—Bryan Tolson, FAUW president
Our regular updates about FAUW Board activities have been supplanted by our COVID-19 messages recently, but now that those have slowed, here’s an overdue update on some other things we’ve been working on (and also more pandemic developments). I hope you can all find a few minutes to read this and get up to date on FAUW’s activities and efforts on your behalf.
Thank you to everyone who attended our Spring General Meeting on April 7 and to those who asked questions. I think it went well under the circumstances and attendance was great, with over 100 people tuning in. Much of the content of this post is from my president’s report at that meeting, but there are a few new points as well.
New FAUW Board members
We welcomed some new Board members this term. Jordan Hale replaced Sarah Brown as our liaison from the Librarians and Archivists Association, and we have two short-term replacements for members on leave: Brian Kendall (taking Vivian Choh’s Science seat) and Alfred Yu (replacing Pat Lam as a director-at-large).
Congratulations to our newly elected Board members starting their term on July 1: Joel Dubin (AHS), Kate Lawson (Arts), Alfred Yu (Engineering), Peter Johnson (Environment), Nomair Naeem (Math), Heidi Engelhardt (Science), and Narveen Jandu (at-large). We were pleased to see high voter turnout this year: up to 65% of eligible members voted for these positions. Thanks again to everyone who ran in this election.
Policy drafting committees have had no support from the Secretariat since March 12 (their office, like most, has had to triage). FAUW’s position is that if a drafting committee deems it appropriate to continue their work, then they should do so. Some committees have been working and it seems support from the Secretariat is now starting to come back.
Continue reading “An update about things that aren’t COVID-19”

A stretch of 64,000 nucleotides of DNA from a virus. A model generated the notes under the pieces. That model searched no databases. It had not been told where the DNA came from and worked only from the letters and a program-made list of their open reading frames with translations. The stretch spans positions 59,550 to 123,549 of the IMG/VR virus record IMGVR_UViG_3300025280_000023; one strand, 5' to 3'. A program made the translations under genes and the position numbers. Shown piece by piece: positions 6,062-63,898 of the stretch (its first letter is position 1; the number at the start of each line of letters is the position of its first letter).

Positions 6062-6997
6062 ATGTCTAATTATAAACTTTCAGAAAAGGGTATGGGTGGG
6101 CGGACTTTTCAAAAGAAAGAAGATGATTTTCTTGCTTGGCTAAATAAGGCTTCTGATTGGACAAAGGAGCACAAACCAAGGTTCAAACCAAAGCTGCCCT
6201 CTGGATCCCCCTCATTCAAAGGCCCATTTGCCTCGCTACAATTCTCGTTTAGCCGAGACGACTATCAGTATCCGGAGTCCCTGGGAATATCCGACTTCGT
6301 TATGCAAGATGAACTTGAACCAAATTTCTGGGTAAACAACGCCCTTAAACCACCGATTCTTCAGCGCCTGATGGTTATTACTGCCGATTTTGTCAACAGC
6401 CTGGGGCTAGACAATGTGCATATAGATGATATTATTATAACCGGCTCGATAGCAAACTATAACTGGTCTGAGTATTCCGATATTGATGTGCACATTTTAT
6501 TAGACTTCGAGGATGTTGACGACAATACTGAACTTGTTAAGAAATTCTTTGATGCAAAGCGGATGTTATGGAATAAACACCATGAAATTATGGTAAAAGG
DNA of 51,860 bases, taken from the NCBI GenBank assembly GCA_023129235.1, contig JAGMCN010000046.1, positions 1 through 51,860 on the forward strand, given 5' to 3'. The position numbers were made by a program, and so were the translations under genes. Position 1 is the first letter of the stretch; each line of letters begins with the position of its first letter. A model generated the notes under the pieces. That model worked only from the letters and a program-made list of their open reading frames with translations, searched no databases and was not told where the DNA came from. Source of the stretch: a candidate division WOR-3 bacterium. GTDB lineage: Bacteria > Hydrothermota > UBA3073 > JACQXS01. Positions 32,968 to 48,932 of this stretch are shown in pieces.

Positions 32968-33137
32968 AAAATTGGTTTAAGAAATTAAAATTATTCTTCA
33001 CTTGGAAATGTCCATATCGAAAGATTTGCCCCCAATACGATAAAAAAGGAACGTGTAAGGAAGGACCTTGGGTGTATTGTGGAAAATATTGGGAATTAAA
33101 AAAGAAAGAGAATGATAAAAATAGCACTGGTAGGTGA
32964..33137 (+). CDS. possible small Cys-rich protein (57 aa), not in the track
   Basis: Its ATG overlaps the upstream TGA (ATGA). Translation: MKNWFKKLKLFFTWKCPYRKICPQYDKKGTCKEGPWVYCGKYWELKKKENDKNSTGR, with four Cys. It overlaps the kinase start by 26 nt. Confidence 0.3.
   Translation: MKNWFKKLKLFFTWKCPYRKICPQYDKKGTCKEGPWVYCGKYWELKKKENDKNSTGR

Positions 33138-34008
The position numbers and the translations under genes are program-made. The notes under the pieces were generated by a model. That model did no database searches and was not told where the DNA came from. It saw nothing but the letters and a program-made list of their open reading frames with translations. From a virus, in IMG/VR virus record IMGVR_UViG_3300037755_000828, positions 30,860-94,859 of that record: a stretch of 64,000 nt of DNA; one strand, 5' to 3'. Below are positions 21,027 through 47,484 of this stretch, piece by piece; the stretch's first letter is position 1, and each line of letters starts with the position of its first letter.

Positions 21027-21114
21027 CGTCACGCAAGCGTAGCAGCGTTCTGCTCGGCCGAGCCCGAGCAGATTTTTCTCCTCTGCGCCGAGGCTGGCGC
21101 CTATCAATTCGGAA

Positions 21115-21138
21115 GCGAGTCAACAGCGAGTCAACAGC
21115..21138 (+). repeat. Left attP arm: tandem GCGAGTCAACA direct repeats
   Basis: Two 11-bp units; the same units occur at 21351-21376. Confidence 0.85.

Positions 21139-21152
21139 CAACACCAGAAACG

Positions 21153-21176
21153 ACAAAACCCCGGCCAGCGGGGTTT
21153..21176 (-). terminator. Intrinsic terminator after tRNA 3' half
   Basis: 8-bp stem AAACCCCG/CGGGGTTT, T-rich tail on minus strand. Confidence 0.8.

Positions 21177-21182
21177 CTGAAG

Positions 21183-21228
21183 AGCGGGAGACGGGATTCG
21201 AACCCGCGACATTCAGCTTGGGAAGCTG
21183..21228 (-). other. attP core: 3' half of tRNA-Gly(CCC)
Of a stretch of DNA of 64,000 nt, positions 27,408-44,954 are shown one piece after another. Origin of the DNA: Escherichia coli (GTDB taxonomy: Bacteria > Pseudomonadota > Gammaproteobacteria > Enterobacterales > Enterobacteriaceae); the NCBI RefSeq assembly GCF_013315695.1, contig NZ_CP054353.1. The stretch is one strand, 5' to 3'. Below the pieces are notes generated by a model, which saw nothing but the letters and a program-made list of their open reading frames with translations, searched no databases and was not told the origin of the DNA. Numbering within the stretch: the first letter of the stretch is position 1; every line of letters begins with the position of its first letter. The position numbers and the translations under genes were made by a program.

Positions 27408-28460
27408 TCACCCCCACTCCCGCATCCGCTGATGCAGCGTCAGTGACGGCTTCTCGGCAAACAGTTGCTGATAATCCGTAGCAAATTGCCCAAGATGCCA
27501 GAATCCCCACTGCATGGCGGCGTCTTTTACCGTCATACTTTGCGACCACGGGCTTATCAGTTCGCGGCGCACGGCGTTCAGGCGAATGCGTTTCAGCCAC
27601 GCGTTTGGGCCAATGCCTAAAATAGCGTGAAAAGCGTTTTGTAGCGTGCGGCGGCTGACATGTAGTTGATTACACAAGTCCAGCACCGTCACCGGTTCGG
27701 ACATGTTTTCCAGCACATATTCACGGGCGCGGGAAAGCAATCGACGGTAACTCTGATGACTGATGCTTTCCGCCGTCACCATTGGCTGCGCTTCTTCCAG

What FAUW is talking about
- We’re working on identifying standard teaching workload expectations in each department so we can better advise members. We started gathering data on this at the October 29 Council of Reps meeting.
- Speaking of which, we are still missing Council members for: Accounting & Finance, Chemical Engineering, Chemistry, Earth & Environmental Sciences, Physics & Astronomy, and Systems Design Engineering. If you’d like to be your unit’s rep, send us an email.
- The Policy 33 (Ethical Behaviour) drafting committee finished its public consultation on October 18. FRC will review all the feedback and give direction to the drafting committee about changes to make by November 11. We expect a final version back to FRC for approval on December 19. In particular, FAUW heard impassioned feedback about the policy’s silence on student-supervisor relationships. This was instead covered in draft guidelines. The Board voted on October 24 to ask that this be included in the policy itself.
- The Lecturers Committee had an insightful meeting with David Rose, new chair of the Policy 76 (Faculty Appointments) drafting committee and Benoit Charbonneau (chief negotiator for FAUW) about policy 76 and implications for lecturer salary equity.
- FAUW President Bryan Tolson met with the faculty reps on the joint health and safety committees about how those committees can advocate more explicitly for faculty safety issues.
- Ranjini Jha was appointed to the Pension Investment Committee.
- We’re starting to plan events for next term. Some topics we’re looking at include preparing for retirement, definite term contracts, the teaching scheduling process, and meet-ups for early-career faculty and out-of-town and bike commuters.
- The University is currently negotiating its third Strategic Mandate Agreement with the province. Currently, 92% of UW’s operating funding is based on enrolment, but the new performance-based funding model will bring this number down to about 33%, with the rest dictated by to-be-determined performance indicators. FAUW is more concerned with rejecting this funding model as a whole than getting into the details about which indicators UW should be using. If you want to learn more about how the model works, here’s a presentation from OCUFA (PDF) that breaks it down.
What OCUFA is talking about
OCUFA = Ontario Confederation of University Faculty Associations
- Now that the provincial legislature has reconvened, Bill 124 (the one that will cap salary increases at 1%) will likely pass in November, and then there likely will be a court challenge, likely by CUPE (the Canadian Union of Public Employees). It’s still unclear if the legislation will apply to anything outside of base salary (e.g. benefits spending, merit increases).
- Bill 100 (the one that allows the government to reduce/eliminate the salary of faculty members collecting a pension) is already law; we’re just waiting to see if they will use it. OCUFA will file a charter challenge if needed.
OCUFA’s advocacy day at Queen’s Park is coming up on November 6. We can’t make it this year, but you can follow along on their Twitter account when the time comes.